Note: this is a machine translation from the original Russian text Turkey's state-owned banks, following private ones, abandoned the Russian MIR payment system. The largest private banks of the republic, Isbank and Denizbank, followed by the state-owned Halkbank, VakifBank and Ziraat Bank, no longer accept Russian MIR cards, which caused considerable surprise among tourists who are already in Turkey. The reason is a statement by the Office of Foreign Assets Control of the US Treasury Department (OFAC, a US government agency that oversees sanctions policy). It has recently warned third-country financial institutions against entering into new agreements or expanding existing ones with the Russian payment system, otherwise the organizations will fall under secondary sanctions. Recall: On September 15, OFAC made it clear that it regards Russia's recent efforts to expand the use of the Mir payment card network as an attempt to circumvent sanctions. Thus, those who, according to the United States, support such efforts may face restrictions in accordance with American legislation on sanctions against "harmful Russian foreign policy." It's time, I think, for Russia to introduce bans on supplies to the United States and other unfriendly countries of vital goods for them (for example, titanium and nuclear fuel) and adopt a similar law. But this is so, a lyrical digression. To be fair, Turkey is not the only one who refuses to work with the Mir system. Kazakhstan and Vietnam have also suspended the acceptance of Russian cards. Analysts believe that this list of states will only grow in the foreseeable future. On the official website of the "World" in the "Geography" section, only Russia has been listed since September 21. Whereas earlier, in addition to the countries already mentioned, Abkhazia, Belarus, Kyrgyzstan, Tajikistan, Uzbekistan, South Ossetia, South Korea and, of course, Turkey were also mentioned there. The Turks would not be Turks if they did not have a "plan B". Ankara is already developing a "ticket card" for tourists from Russia. It can be used in restaurants, shops, museums, etc. The money will be debited from the tourist operator, not travelers. However, it is not yet specified whether the "tickets" will be prepaid or, on the contrary, paid for by tourists after the fact. It is possible that the necessary amounts will be immediately debited by the operator from the Russian accounts of tourists. The issue of commissions and the cost of such services has not yet been disclosed. The multi-vector nature of Ankara's policy has long been a cause for ridicule. Someone, on the contrary, admires her. For example, Turkey has stated that it is considering buying Russian military aircraft if the United States refuses to sell them the F-16. Earlier there was talk of buying the Su-57 instead of the F-35. Ankara stated that they would not support or recognize referendums in the DPR, LPR, Zaporozhye and Kherson regions. But, nevertheless, the Turks are ready to host a Russian nuclear power plant and transit Russian gas to Europe. In this context, experts from the British analytical center Economist Intelligence Unit (EIU) emphasize that the United States and the EU will continue to increase pressure on Turkey to adopt sanctions against Russia in the coming months. However, Brussels fears that Ankara may use its levers for a "retaliatory strike". This, of course, is about managing migration flows. Today, more than 40 thousand refugees from Syria continue their trek to European countries, primarily Germany. The participants of the "freedom convoy" themselves say that there are at least 100 thousand of them. They intend to break through the Turkish-Greek border and seek a better life in the EU member states, as well as the UK. Undoubtedly, Ankara will try to make the most of this fact in negotiations with the Europeans, as it has done many times before. Especially considering the fact that Brussels today cannot provide its citizens with heat and light… In any case, at adequate prices… However, both Europeans and Americans also have ways to put pressure on Ankara. Mainly in the economic sphere, which, against the background of the approaching presidential and parliamentary elections in 2023, is becoming increasingly relevant. The sanctions that were imposed against Turkey after its actions in Libya and the Mediterranean Sea hit hard not only the military-industrial complex, which lost the supply of a large number of spare parts and parts. The restrictions also affect Turkish businessmen, officials, and companies. As a result of these measures, the economy of the republic is experiencing almost the worst times in its history. The growth in consumer prices on average significantly exceeded the inflation target of the Central Bank of Turkey (CBRT) of 5.0%: 15.5% year-on-year. Consumer confidence is close to record lows, and confidence in the real economy has been shaken. The central bank noted in the minutes of the meeting that "the leading indicators for the third quarter continue to indicate a loss of momentum in economic activity due to a decrease in external demand." Inflation in the country, as reported in August by the Institute of Statistics of the country, exceeded 80% year-on-year, and experts expect that growth will continue. Turkish banks continue to charge households significant spreads on loans, with the latest CBRT data (September 8) showing that households paid interest rates at an average of 30.8%. This led to the fact that consumer loan rates reacted only slightly to the rate cut in August. A similar dynamic was maintained with commercial loans. However, on August 20, the Central Bank introduced rules concerning bank lending to firms. Now banks must hold lira-denominated securities in the amount of 20% of the loan amount in CBRT if the loan rate exceeds the base rate of x1.4 and 90% if it exceeds the base rate of x1.8. The data show that this immediately reduced the average rates agreed on commercial loans, approximately from 26% (on August 21) to 21% (on September 8). Thus, as noted in the EIU, a reduction in the interest rate should reduce the cost of lending to firms. However, analysts are skeptical about the possibility of new incentives to help banks lend to firms at these rates. In the long run, this could lead to credit problems throughout the economy. Analysts at Business Monitor International (BMI), a structural unit of Fitch Solutions, believe that before the 2023 elections, the Turkish authorities will continue to conduct an unorthodox monetary policy, and after that the Central Bank will return to orthodox methods and start raising rates. Experts also note that in the near future, CBRT may go on a cycle of significant increases in the key rate, which will require banks to increase the cost of borrowing. The Turkish lira is also facing difficult times. However, she has been hitting one anti-record after another for a long time. The average exchange rate in 2023 is projected to be about 21.50 TRY/USD. Despite a certain increase in Turkish exports – up to 13.1% year–on-year - the trade deficit continues to grow, including due to the rise in energy prices. In August, their prices increased by 162%. Turkey's economy is one of the main problems of Erdogan and the Justice and Development Party (AKP) against the background of the upcoming elections. No external victories will overcome the social problems of the population, the stratification of society and the fall in income. Especially if it directly hits the wallets of ordinary Turks. This is understood both in the United States and in the EU states, which are finding it increasingly difficult to do business with Turkey, which is trying to "sit on two chairs" – to benefit from Washington, Berlin, London, Paris, as well as from Moscow. The world is changing rapidly and sooner or later Ankara will have to make a choice between the West and the conditional East. Otherwise, Turkey in 2023 risks repeating the fate of many states that have tried to play their own game bypassing the United States. In addition, the Americans have long been annoyed by the Turkish leader.    Especially after Ankara did buy Russian S-400 air defense systems. On the other hand, a certain fatigue from Ankara's maneuvers has also matured in the East. So, at the recent summit of the Shanghai Cooperation Organization, Erdogan was openly hinted: in order to join the association, he would have to withdraw from NATO. "We have provisions on the admission of new members, which provide for a number of criteria, including belonging to the Eurasian region, active maintenance of active diplomatic, trade and economic relations and cultural ties with the SCO member states, the absence of conflicts with the SCO states, and non-involvement in external conflicts, the absence of sanctions of the UN Security Council, but also non–participation in activities and blocs hostile or directed against SCO members," said Bakhtiyor Khakimov, Special Representative of the President of the Russian Federation for SCO Affairs, Ambassador-at-Large of the Russian Foreign Ministry. Under the current conditions, Erdogan and the AKP have less and less room for maneuver. And no matter what choice the country's authorities make, be it Washington or Moscow, some voters will consider it, if not a betrayal, then at least a mistake. Does Erdogan have a "plan B" for this case as well – the question is still open…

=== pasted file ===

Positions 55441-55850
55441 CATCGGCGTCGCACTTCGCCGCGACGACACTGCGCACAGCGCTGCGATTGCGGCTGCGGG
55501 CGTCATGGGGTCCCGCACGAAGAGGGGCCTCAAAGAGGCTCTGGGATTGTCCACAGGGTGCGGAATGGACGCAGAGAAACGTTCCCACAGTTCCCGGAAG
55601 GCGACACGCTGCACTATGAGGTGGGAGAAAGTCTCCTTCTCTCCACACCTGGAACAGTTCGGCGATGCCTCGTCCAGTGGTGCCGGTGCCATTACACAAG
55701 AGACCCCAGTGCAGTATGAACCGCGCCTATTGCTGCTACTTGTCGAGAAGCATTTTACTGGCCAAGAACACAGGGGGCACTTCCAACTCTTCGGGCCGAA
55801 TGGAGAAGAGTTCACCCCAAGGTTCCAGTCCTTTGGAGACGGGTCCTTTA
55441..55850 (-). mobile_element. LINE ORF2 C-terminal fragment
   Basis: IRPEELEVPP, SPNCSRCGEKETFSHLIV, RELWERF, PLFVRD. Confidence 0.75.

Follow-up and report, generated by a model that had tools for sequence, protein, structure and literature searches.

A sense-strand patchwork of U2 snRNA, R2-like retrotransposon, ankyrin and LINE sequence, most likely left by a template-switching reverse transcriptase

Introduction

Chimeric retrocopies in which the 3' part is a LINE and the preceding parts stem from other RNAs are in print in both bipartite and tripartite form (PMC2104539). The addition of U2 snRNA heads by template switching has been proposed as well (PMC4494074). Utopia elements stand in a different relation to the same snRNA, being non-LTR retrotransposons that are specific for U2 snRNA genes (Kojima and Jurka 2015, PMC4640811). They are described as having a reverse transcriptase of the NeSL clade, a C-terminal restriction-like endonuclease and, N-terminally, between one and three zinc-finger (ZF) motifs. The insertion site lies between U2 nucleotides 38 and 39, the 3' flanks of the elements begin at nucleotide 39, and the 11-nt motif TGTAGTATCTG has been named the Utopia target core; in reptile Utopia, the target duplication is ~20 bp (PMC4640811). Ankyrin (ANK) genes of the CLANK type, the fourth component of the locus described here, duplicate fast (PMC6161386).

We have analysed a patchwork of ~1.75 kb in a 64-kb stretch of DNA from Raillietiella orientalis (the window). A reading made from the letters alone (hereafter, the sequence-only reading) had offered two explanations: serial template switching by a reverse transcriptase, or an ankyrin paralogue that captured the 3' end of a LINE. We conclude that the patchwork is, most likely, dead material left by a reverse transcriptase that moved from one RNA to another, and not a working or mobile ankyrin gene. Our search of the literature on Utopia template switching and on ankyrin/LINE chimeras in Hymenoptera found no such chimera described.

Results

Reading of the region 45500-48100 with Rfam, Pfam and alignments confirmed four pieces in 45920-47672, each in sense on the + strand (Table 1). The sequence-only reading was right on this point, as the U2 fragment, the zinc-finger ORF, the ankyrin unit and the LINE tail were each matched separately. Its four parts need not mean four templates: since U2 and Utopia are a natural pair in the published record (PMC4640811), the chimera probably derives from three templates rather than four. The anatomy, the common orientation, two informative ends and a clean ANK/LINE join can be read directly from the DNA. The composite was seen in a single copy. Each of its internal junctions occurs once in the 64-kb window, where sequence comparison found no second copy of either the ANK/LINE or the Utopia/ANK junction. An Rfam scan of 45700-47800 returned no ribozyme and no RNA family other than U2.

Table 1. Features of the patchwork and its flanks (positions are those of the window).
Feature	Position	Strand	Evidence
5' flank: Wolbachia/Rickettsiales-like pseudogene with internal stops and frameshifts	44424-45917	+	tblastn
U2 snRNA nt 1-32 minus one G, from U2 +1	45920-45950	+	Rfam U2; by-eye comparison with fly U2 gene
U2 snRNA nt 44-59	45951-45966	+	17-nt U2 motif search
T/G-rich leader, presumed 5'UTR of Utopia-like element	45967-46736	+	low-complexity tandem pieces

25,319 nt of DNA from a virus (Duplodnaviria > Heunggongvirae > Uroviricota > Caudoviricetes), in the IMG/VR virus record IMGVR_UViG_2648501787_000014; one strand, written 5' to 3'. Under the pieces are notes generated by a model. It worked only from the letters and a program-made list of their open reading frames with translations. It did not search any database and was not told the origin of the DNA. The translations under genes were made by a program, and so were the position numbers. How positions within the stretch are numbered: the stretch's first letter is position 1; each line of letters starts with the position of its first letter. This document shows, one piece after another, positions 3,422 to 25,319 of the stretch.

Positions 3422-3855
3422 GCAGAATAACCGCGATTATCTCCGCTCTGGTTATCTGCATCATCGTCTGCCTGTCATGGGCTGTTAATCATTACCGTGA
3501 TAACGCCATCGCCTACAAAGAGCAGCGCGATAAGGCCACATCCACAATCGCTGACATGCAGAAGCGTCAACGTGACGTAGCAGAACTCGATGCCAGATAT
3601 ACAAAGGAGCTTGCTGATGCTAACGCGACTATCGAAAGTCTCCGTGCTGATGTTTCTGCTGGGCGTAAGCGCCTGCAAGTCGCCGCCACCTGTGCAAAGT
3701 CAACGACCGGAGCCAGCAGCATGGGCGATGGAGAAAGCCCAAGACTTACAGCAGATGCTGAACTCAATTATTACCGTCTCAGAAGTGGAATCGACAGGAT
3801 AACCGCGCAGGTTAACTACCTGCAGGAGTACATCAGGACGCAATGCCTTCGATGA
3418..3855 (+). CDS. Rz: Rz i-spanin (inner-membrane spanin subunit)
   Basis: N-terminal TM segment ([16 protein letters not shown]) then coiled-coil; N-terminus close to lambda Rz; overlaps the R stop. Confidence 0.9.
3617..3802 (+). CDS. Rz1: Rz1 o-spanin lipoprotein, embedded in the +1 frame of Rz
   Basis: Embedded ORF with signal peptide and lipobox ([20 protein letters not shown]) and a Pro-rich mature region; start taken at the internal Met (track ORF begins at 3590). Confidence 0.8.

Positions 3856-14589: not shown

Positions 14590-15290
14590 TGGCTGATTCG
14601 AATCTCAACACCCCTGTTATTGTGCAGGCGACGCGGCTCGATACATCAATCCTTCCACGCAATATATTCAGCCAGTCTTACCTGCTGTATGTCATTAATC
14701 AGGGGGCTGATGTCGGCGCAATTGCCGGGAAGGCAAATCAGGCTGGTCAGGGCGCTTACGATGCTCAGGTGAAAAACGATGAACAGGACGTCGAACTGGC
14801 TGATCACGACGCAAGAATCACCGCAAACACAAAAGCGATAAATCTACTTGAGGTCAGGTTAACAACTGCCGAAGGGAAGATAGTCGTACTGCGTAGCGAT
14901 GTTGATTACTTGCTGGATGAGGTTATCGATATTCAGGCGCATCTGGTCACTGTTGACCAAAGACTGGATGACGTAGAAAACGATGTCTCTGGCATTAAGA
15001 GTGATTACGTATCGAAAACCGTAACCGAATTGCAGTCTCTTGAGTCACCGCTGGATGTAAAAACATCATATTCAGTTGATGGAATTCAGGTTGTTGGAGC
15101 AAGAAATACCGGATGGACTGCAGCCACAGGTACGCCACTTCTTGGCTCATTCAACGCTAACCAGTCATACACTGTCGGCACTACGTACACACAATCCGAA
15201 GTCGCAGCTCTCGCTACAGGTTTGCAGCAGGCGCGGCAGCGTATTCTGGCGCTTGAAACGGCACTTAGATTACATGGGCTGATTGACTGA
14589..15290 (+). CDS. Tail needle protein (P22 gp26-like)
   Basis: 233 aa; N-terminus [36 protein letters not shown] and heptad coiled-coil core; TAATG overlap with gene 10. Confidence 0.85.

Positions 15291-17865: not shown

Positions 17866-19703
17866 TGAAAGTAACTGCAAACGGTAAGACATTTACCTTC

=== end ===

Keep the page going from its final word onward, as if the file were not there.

Turkey: views on the harvest, economy and elections-2023